By Jeff Girod
Somebody open a window because, baby, I’ve got Oscar fever! No, wait. False alarm. Actually I’m just wearing two undershirts.
December is traditionally when studios release their “artistic” films in anticipation of next year’s Academy Awards. You know, films everyone are supposed to see, showpieces movie critics describe as “intelligent” and “breathtaking” and a “tour de force in landmark cinema.” The problem with tour de forces is usually they’re about two and half hours long and my butt falls asleep about the time Sean Penn starts speaking like a mentally challenged person or Meryl Streep tries to save a Rwandan orphanage. Tour de forces are great in theory, but, c’mon! I’d rather suck on a Junior Mint while watching 90 minutes or less of Kevin James sliding on his belly in Paul Blart: Mall Cop.
This year’s Oscar front-runner is another delight called The King’s Speech. It’s about . . . You know what? Let rottentomatoes.com tell it:
“Bertie (Colin Firth) who has suffered from a debilitating speech impediment all his life, is suddenly crowned King George VI of England. With his country on the brink of war and in desperate need of a leader, his wife, Elizabeth (Helena Bonham Carter), the future Queen Mother—ZZZZZ, don’t let my snoring butt distract you—arranges for her husband to see an eccentric speech therapist, Lionel Logue (Geoffrey Rush) . . . With the support of Logue, his family, his government and Winston Churchill (Timothy Spall), the King will overcome his stammer and deliver a radio-address that inspires his people and unites them in battle!”
Did you get all that? So instead of robbing a Vegas casino, or stopping a runaway train or defeating a legion of brain sucking zombies after one hour and 51 excruciating minutes of nobody getting naked and nothing with lasers exploding, the “high point” of The King’s Speech comes when King George VI talks into a microphone. Well color me excited! Why should we even hold the Academy Awards? Just dip the entire cast of The King’s Speech in gold! (Seriously, submerge them all in a fiery molten liquid, especially that witch Helena Bonham Carter, so I never ever have to waste another 45 seconds reading a preview so bland and lifeless.)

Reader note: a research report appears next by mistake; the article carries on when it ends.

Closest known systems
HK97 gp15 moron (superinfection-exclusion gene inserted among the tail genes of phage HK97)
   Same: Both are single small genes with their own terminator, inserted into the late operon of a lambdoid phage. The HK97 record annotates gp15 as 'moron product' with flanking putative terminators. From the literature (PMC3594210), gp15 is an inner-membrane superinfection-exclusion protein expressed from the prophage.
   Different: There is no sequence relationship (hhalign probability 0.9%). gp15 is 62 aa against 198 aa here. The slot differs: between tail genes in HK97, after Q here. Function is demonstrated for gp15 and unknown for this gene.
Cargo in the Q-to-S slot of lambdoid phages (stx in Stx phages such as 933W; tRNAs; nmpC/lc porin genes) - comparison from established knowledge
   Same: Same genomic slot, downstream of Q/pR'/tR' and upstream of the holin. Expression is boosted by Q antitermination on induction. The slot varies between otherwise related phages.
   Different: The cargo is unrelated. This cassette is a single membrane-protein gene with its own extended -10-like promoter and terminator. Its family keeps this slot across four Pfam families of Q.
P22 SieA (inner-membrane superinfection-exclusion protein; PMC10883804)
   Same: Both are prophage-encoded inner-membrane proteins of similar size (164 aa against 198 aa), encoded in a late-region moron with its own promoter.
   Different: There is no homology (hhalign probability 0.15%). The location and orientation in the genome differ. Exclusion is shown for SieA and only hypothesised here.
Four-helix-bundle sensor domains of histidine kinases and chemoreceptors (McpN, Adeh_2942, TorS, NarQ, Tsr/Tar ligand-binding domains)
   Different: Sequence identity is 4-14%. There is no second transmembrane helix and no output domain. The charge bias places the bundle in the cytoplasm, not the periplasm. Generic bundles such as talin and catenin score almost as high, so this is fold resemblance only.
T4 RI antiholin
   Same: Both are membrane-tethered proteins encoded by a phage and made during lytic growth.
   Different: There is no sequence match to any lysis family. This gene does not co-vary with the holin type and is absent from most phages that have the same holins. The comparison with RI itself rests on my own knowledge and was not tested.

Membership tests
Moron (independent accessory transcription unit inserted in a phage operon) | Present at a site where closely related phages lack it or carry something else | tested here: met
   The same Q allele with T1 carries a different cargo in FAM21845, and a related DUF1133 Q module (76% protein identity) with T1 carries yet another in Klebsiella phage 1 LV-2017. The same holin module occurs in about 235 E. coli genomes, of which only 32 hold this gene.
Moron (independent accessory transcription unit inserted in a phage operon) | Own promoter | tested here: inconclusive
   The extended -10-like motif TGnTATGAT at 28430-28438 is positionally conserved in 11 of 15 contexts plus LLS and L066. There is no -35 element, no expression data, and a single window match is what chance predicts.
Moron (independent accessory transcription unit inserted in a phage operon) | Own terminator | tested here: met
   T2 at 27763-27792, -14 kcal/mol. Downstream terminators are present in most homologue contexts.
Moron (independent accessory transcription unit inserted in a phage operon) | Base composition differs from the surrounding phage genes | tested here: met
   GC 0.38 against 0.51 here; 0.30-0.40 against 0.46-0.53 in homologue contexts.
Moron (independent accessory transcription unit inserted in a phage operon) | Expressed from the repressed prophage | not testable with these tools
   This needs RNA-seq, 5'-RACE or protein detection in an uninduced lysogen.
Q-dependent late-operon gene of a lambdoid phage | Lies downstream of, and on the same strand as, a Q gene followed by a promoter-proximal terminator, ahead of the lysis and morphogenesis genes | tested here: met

You think this movie sounds awful? You should see the poster. They didn’t even try to make it interesting. It’s just three torsos looking all British and snooty as if to say, “Even WE realize this movie would be far more interesting if Bill Pullman played the president, Will Smith was an Air Force pilot and aliens invaded Earth, but none of that is going to happen in The King’s Speech and we’re STILL going to win an ass-load of Oscar trophies, so enjoy 119 minutes of unintelligible accents, bad teeth and jolly old pocket watches. Tut tut!”
The King’s Speech—or some craptacular “period” piece just like it—is going to win the Academy Award for Best Picture and that pisses me off. Because I wouldn’t watch this movie if you Super-Glued my testicles to a cannonball and fired it down the theater aisle. And somehow that makes me stupid or less cultured because I prefer movies where—and let me find a refined way to say this—SHIT ACTUALLY HAPPENS. Car chases. Gun battles. Prison escapes. Bruce Willis riding an asteroid like a bucking bronco on a collision course with earth. Any of these things is better than watching a group of self-important actors playing out their fetishistic scenarios as a one-armed cancer patient or a musically gifted Holocaust survivor or a Death Row convict with a heart of gold. And for what? To win a Hollywood popularity contest?
The irony of these artsy movies is they aren’t all that popular—at least not with moviegoers. Last year’s Best Picture winner, The Hurt Locker, to date has made $16,400,000 in ticket sales. By comparison, Hotel for Dogs—which literally is a movie about a hotel for dogs—has earned more than four times that.
Now I’m not saying Hotel For Dogs is four times better than The King’s Speech. I’m just saying I’m four times more likely to buy a ticket for Hotel For Dogs II.
Contact Jeff Girod at firstname.lastname@example.org.